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Updated: February 1, 2023
Note: The procession is cancelled for 2022.
According to old legends, before there was any city where Tokyo now stands, foxes from all over the region would gather underneath a large tree on New Year's Eve. The foxes would don costumes and then parade to Oji Inari Shrine. In honor of that, famous ukiyo-e artist Utagawa Hiroshige created a print called "New Year's Eve Foxfires at the Changing Tree, Oji."
On New Year's Eve of 1993, the print was acted out in real life by storeowners near Oji Shozoku Inari Shrine and its hackberry trees as a way for the residents of Oji to look back on the previous year while welcoming the new one. This was the start of the Oji Fox Parade.
At this annual celebration of traditional Oji culture, participants dress up as foxes for a special procession that starts at night on December 31st. They hold paper lanterns, which not only represent foxfires, but also the light of hope and life. The lively procession ends past midnight on January 1st with a solemn blessing at the Oji Inari Shrine, where participants celebrate their first shrine visit of the year. The parade is intended to pass on the history and culture of the area to the local children, inspire them, and offer prayers for their health and happiness.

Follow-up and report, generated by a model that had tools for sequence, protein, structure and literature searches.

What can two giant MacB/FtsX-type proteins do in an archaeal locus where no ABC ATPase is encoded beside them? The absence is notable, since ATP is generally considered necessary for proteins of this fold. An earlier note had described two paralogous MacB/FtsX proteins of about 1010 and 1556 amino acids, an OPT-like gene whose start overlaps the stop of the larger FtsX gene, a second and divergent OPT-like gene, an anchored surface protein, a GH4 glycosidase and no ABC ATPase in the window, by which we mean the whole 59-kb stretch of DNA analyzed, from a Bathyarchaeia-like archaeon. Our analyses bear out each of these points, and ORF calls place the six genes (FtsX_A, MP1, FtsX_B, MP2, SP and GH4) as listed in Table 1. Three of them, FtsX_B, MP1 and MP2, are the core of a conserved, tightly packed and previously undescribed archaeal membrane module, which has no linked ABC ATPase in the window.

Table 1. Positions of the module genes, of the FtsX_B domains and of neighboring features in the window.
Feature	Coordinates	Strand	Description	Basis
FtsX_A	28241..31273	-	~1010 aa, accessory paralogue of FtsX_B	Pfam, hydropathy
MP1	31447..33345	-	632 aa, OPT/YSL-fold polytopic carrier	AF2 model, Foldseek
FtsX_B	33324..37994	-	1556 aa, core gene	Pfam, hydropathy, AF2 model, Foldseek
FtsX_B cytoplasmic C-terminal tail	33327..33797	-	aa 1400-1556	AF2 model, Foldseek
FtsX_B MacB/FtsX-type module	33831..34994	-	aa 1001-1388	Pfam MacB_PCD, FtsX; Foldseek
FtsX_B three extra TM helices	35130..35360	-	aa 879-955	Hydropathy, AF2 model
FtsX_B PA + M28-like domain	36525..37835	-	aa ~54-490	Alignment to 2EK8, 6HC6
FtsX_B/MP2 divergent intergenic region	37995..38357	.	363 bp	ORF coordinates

2022 marks the 30th anniversary of the event. The Fox Parade itself will not take place, but Oji Shozoku Inari Shrine will be opening their shrine office and decorating the shrine path with foxfire lanterns. Visitors are welcome to come to Oji Inari Shrine for New Year's Eve or their first shrine visit of the new year.
Please check the official event website for the latest updates on opening dates and times, prices, and other information.